Feminisms Representation Problem: WOC, Queer Women, & Transgender Women
It’s 2020, and feminism still has a representation problem. When we think of a feminist, we think of one type of woman, many are massively underrepresented in this new age of feminism we’re living in. Mainstream feminist discourse is stuck in the past; and doesn’t begin to include feminists of colour, trans feminists, feminists with disabilities, gay and bisexual feminists, and so many more. What being a woman means today is very different to what being a woman meant 10, 20, or 30+ years ago. Feminism takes active work, and is a global movement calling for the liberation of women and equality for all. It’s time to break ties with entitled mainstream feminism, embrace modern-day values, and make it a movement where every feminist has a voice.
Feminism is one of the most powerful and oldest movements in history, and whilst feminism may have a dictionary definition – it doesn’t mean everyone agrees on what it means to be a feminist. It’s the 21st century, and what it means to be a feminist today is very different to what it meant for our ancestors fighting for social change decades ago. Times change and civilisation moves on, today people have different views on the word and what it represents. Society’s system of privilege means that mainstream feminism is cloaked in a veil of whiteness, and doesn’t reflect the world we live in and how feminism has changed since the movement began. As it stands feminism fails to keep up with ideas about sexuality, gender, and identity. There’s a lot wrong with the current feminist system. We speak openly about equality for all women whatever their background or situation may be, wherever they come from, whatever their place is in the world – yet the current feminist structure doesn’t practice what it preaches.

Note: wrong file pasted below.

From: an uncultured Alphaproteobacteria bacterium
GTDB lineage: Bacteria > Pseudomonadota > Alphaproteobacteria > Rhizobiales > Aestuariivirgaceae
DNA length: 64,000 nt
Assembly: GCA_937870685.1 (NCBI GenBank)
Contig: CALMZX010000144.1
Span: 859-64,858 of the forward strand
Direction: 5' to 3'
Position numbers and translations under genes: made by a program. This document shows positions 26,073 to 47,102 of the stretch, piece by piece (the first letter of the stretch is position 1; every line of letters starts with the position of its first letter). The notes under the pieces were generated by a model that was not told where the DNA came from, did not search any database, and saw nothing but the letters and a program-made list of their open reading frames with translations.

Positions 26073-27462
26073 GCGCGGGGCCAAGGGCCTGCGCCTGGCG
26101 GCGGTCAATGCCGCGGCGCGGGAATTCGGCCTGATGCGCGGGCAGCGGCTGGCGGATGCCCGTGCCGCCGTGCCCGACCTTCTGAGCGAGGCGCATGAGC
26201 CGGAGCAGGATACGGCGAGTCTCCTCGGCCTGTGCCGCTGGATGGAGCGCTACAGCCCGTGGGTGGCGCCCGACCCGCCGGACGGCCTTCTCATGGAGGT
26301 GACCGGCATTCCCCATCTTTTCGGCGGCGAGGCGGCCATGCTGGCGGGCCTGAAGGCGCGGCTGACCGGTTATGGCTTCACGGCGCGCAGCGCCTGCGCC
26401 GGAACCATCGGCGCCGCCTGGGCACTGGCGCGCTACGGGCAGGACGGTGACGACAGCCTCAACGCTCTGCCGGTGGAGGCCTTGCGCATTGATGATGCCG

Every type of feminist deserves to have their voice heard. Feminism needs to get down and dirty, and not be afraid of supporting and representing all women equally. Why don’t we see more feminist commentary from queer women, lesbians, transgender women, women of different socioeconomic statuses and backgrounds, and women of colour? By keeping the mainstream feminist voice focused on the same issues that have been discussed for years, and allowing the same feminists to voice their prejudices and speak for the entire movement, we become distracted from what’s important. This belittles feminism, and the women who encompass it. Issues such as gender identification, trans rights, sexual violence, and humanitarian women’s rights fade into the background. Identifying as a feminist has gone from being taboo to being so familiar anyone can – but it doesn’t mean anyone should. Feminism needs to level its playing field, and allow women whose voices have been silenced to finally be heard.
In order for change to happen, it’s time to get uncomfortable. We need to steer society towards more complex feminist thought, and give feminism a rebrand. Will feminism be a movement that turns away from having one voice, to focusing on issues that affect the entire community? Will feminism confront its white superiority and bias? As long as feminist dialogue continues to speak from a place of privilege, there will always be work to be done. Look to places other than traditional forms of media to be educated on all things modern-day feminism; read, listen to podcasts, have open discussions, and learn from marginalised voices. Embrace your queer sisters, your trans friends, your disabled pals. Feminists from all walks of life need more visibility, it’s up to all feminists to make it happen.
Written by J’Nae Phillips
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